Review – Trine (PC)
Contains: Mild Fantasy Violence, Use of Alcohol
Titles rated E10+ (Everyone 10 and older) have content that may be suitable for ages 10 and older. Titles in this category may contain more cartoon, fantasy or mild violence, mild language and/or minimal suggestive themes.
As a player, you can rotate between 3 characters – a mage, a thief, and a knight. These three get thrown together into a single, shared body, and must find an artifact called the “Trine” to heal their woes. The mage can conjure boxes and planks, and eventually floating platforms – this is useful for getting over the strange terrain of the path of each level. The knight (in my opinion the most useless character of the three) has the unique abilities of sinking quickly in water and carrying a shield/sword. Though there are times you are forced to use him, those times suck. The thief was my favorite by far – she has a bow which can shoot flame arrows and a grappling hook that can swing her around like a madwoman.
There is a great variety in the level landscapes – over the game you will encounter open spaces as well as cramped dungeons – even a few underwater sections. Using the abilities you earn through finding treasure and upgrading your characters, you will be able to perform new and enhanced abilities as well as make your characters stronger and more resilient.
The characters have unique personalities, and by that I mean extreme personalities. The Knight is, of course, dumb as a rock, and the wizard is somehow the world’s oldest ladies man. Perhaps this is one of the biggest factors that attracted me to the thief – she’s quiet. The terrible voice acting really had a tendency to “immerse” me in annoyance.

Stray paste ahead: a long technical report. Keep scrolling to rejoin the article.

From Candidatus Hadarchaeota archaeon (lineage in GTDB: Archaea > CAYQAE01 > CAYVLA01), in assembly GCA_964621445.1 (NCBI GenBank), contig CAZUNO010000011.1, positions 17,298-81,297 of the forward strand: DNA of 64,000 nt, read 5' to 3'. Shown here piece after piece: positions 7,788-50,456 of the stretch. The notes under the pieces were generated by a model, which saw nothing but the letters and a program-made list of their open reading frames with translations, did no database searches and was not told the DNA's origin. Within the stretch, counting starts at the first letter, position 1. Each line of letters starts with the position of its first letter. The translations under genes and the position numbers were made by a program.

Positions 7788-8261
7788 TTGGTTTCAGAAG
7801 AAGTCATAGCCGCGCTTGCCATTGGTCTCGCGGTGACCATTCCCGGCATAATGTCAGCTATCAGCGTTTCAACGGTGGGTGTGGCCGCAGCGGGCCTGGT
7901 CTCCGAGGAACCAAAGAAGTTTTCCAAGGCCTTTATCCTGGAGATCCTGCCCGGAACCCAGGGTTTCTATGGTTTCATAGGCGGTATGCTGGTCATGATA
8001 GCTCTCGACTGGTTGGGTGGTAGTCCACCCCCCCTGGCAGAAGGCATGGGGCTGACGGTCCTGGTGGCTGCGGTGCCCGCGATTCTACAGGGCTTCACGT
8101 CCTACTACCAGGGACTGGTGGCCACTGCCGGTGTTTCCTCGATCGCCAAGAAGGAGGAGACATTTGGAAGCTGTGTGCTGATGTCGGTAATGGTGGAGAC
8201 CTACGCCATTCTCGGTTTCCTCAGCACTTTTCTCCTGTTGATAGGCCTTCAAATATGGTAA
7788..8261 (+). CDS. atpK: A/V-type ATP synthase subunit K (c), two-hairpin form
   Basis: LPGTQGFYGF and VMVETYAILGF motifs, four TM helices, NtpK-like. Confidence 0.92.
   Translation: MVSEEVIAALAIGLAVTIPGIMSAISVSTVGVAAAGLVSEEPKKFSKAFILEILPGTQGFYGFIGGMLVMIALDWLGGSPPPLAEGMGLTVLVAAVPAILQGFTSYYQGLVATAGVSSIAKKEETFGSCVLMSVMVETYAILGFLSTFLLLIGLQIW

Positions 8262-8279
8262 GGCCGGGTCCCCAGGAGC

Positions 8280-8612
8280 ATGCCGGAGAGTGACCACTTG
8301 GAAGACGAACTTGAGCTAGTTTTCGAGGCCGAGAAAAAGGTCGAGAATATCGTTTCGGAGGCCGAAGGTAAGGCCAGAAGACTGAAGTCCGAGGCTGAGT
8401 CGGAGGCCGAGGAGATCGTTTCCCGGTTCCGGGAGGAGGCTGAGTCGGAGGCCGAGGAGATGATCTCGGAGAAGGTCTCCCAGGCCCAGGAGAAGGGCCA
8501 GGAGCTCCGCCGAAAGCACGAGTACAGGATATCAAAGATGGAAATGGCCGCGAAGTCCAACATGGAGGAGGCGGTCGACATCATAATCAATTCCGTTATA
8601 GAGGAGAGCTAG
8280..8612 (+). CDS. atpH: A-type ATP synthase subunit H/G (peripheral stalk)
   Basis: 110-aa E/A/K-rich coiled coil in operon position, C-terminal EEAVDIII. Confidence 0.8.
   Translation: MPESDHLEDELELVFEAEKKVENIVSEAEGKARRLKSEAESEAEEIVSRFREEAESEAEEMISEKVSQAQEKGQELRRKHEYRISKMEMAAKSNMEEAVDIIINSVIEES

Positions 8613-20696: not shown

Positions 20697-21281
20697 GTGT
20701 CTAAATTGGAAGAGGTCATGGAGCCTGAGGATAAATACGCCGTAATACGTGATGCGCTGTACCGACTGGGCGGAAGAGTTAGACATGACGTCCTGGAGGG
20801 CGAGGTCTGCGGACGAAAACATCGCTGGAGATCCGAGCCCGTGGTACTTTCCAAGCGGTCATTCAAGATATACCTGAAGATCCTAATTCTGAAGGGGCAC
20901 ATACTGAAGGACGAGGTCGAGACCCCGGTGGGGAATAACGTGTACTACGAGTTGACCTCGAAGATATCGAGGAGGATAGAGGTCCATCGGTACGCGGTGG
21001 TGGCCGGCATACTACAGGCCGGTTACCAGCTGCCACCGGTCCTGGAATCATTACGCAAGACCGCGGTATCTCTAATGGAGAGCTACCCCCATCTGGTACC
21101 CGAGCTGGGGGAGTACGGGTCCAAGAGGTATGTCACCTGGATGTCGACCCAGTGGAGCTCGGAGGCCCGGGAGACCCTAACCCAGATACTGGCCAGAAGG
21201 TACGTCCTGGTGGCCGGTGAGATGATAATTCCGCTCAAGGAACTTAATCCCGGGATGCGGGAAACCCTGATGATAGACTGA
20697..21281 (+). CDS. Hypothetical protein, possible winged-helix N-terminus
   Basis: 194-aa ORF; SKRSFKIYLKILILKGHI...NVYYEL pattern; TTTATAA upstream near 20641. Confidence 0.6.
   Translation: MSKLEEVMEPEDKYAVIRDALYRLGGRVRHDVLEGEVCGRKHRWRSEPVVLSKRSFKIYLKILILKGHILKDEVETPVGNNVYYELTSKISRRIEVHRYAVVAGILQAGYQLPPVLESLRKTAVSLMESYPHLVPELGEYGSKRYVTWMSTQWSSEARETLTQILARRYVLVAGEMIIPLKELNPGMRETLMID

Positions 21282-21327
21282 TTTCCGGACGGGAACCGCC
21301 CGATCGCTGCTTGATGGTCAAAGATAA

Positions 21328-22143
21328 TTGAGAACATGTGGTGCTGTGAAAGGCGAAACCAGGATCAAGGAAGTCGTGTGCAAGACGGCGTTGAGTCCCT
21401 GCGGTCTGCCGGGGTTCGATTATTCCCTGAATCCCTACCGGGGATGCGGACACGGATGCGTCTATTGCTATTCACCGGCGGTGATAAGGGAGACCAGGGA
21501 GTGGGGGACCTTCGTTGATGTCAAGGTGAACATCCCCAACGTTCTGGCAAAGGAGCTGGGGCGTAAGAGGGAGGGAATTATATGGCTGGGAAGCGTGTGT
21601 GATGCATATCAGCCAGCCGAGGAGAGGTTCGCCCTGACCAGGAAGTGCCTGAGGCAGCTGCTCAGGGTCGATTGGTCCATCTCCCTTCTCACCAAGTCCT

Despite all of the shortcomings, this was really a great experience as far as actual gameplay. I enjoyed the fighting because I was able to make it tougher on myself by crushing enemies with wizard blocks and using the bow as a primary offensive weapon.
There wasn’t a great variety in the types of enemies encountered, or even in the number of levels. In fact, the game design causes you to repeat some levels multiple times in search of secrets. Because you earn more abilities as you progress, this was almost mandatory for unlocking everything to be found. (Though I never did make it to 100%)
As an inexpensive steam title, I gave it a shot because of the ability for it to play on both windows and OSX. I hope more game creators are taking note of the fact that the Mac market for games is rapidly expanding. Especially with steam, I love it because I can use a single account to play on any operating system I choose.
Though there were times of frustration and annoyance, I think that overall this game is deserving of praise. They did go out on a limb to run with a concept that I hadn’t seen before, and the graphics were just nice enough to impress me while running smooth on a laptop. My final score for Trine is a 7/10 – and I look forward to any possible content expansion through DLC or possibly a sequel.
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